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6770 Onondaga Lake Parkway

Liverpool, NY, 13088

Monday - Friday 7:30am-8:00pm

Saturday 7:30am-2:00pm

Sunday Closed

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Canine Frequently Asked Questions

Q: How do I know if my dog is in heat and how long will it last?

A: Signs of estrus in dogs, commonly referred to as "in heat," are gradual, progressive vulva swelling followed by or occurring at the same time as blood-tinged vaginal discharge. Estrus signs commonly last 2 to 3 weeks.

 

Q: Why do dogs eat grass?

A: Eating grass is a natural behavior for dogs. There are several theories as to why. The most commonly held belief is that it helps relieve gastrointestinal symptoms and potential parasites or infections. It is also thought to be a way for them to obtain micronutrients. For some dogs, they may just like the taste.

 

Q: Do dogs dream?

A: Yes. Usually dreaming takes places roughly about 20 minutes after they have fallen asleep and can be characterized by muscle twitches, irregular breathing and rapid eye movements.

 

Q: Why do dogs howl?

A: Dog's howl for a variety of reasons. It can be a means of communication, a way to call another dog, or even a person back to them, or a way to warn others off. Stressful situations, persistant noises or territorial feelings can also cause a dog to howl. For some dogs, it seems they just enjoy the activity.

 

Q: Why do dogs have whiskers?

A: Whiskers serve as sensory information gathering organs and as a means of communication. When whiskers are stimulated they give feedback about the dog's surroundings. If a dogs whiskers are pointed forward or backward instead of neutral placement, it can communicate a dog's emotional state to other surrounding dogs.

 

Q: Why do dogs chase their tails?

A: Althoughthe behavior may seem cute and playful, research has shown that consistent tail chasing can be a sign of an underlying medical condition. On occasion it can be attention getting behavior but it can become compulsive. If your dog seems to be exhibiting the behavior frequently, then you should consult your veterinarian.

 

Q:How do you clean a dogs ears?

A: First you will need a quality ear cleaning solution and cotton balls. Place a small amount of the ear cleaning solution in your dogs ear. Massage the base of the ear to help loosen debris. Let your dog shake their head to aid in bringing debris out of the ear canals. Using the cotton balls clean the outer ear as well as the ear canal. Place the cotton ball into the ear as far as you can, without losing it. Repeat until there is no longer any debris.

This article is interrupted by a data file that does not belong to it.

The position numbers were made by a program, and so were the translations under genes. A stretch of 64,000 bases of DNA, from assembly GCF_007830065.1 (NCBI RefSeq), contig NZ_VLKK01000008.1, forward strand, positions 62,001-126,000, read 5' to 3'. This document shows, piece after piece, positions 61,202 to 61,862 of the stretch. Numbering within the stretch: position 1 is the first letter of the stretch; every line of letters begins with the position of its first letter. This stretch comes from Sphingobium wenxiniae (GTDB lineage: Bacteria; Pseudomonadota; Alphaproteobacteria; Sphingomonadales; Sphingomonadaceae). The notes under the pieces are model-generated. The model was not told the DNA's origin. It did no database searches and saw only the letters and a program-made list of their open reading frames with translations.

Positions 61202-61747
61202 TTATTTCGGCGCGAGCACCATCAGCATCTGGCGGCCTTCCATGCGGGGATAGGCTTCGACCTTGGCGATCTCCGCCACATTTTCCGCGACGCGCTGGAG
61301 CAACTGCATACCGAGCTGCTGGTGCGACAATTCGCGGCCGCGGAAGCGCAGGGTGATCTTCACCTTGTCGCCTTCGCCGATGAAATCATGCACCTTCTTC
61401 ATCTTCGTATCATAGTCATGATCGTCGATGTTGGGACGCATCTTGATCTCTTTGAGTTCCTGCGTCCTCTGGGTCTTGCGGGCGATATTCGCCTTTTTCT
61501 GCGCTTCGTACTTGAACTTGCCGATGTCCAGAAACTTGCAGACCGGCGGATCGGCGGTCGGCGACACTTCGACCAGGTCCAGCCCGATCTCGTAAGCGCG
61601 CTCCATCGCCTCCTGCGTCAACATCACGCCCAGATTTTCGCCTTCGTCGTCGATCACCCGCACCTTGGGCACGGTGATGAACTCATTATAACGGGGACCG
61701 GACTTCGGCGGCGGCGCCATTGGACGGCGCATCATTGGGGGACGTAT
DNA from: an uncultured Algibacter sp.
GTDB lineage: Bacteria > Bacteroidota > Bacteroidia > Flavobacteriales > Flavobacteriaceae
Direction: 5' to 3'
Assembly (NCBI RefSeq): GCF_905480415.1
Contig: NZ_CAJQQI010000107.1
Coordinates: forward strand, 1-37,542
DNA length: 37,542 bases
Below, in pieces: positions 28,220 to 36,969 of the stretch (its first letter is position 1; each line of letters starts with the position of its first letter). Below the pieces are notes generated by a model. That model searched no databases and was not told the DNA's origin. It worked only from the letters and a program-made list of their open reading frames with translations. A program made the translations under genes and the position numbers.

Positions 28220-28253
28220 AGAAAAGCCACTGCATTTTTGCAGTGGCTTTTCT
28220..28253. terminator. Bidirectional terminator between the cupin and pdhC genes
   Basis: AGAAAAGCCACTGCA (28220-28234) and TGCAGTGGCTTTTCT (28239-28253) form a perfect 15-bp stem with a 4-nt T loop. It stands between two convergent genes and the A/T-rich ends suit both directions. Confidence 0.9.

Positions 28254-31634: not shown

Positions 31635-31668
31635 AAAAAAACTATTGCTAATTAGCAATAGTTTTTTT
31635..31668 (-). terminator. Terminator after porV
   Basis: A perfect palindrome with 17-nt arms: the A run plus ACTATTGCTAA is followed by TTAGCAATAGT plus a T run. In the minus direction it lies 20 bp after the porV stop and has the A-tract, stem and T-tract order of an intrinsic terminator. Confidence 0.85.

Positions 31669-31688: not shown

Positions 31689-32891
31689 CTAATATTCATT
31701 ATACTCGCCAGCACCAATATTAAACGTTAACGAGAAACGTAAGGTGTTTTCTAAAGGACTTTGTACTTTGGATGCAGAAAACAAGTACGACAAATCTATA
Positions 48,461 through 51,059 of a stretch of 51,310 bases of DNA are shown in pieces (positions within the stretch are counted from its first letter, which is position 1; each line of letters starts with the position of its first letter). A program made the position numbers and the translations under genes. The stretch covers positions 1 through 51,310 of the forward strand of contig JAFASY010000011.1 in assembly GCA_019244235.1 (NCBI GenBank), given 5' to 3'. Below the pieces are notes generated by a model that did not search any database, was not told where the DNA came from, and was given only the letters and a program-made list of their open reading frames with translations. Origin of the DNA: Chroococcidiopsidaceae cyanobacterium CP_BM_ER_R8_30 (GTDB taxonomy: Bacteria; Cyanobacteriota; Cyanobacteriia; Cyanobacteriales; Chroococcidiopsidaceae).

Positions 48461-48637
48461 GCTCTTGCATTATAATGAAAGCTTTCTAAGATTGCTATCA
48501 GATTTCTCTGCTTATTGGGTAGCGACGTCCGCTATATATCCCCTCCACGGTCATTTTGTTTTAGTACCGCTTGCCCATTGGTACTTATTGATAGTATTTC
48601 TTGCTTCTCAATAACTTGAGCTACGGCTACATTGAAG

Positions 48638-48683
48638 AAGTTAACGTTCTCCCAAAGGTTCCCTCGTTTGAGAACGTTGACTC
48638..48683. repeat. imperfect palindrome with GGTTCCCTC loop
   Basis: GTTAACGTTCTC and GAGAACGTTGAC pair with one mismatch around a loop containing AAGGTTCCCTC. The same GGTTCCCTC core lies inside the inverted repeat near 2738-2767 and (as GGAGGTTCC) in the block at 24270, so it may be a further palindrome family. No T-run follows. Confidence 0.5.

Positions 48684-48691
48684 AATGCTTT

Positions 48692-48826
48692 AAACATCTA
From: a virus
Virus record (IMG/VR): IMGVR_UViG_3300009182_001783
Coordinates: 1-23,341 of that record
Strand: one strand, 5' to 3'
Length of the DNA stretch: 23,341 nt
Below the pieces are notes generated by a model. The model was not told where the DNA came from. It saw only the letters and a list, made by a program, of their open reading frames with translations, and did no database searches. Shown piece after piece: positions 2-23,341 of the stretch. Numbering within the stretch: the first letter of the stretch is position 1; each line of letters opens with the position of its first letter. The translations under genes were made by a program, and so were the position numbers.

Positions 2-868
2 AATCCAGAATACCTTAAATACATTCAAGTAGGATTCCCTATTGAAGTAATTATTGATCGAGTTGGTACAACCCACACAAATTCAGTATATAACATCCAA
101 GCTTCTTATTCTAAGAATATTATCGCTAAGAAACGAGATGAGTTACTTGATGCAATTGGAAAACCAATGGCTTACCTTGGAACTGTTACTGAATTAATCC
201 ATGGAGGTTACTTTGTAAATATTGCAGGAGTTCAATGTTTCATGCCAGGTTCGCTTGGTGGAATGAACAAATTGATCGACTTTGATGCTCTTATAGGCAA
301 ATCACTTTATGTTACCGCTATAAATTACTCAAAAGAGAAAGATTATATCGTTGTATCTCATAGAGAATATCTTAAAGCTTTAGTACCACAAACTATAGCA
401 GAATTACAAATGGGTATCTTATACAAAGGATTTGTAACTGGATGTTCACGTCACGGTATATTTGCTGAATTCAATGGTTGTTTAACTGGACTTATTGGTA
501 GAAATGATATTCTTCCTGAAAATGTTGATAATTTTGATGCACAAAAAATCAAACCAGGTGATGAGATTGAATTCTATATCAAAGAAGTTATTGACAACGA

Q: Why are dogs noses wet?

A: Dogs noses are wet for a couple reasons. The first being to aid their ability to smell. Scent chemicals get trapped in the thin layer of the mucus, then when dogs lick their nose, the chemicals are processed by special scent glands in the root of their mouth. A dogs nose also functions as a sweat gland and becomes wet when heat is being discharged. A warm dry nose doesn't mean anything is wrong, however discolored or thicker than normal nasal discharge might.

 

Q: How do you stop dogs from digging?

A: Digging behavior in dogs, while a natural way to entertain themselves and explore their environment, can also signal boredom. If left unchecked, it can become a serious problem. To avoid escalation, do not leave any dog out in a yard without supervision, especially in areas where the pet may have dug before. Keep your dog occupied with activities and toys to curb the behavior of wanting to dig.

 

Q: How do you introduce your dog to.... (babies, cats, family, etc..)?

A: Each of these situations is unique as each dog in the situation. There is not a simple solution that will work for every pet and their situation. When getting ready to introduce your dog to a new baby, cat, other dog, etc.. you should consult your veterinarian to ensure a better chance of success.

 

Q: Why do dogs bury bones?

A: The act of burying bones and other objects is instinctual. Many animals store food and other objects for later use.

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For any of our services, please call our office:

315-451-5455

For after hours emergencies call:

Veterinary Medical Center

315-446-7933

 

Veterinary Emergency and Critical Care Center

315-638-3500

 

ASPCA Poison Control

888-426-4435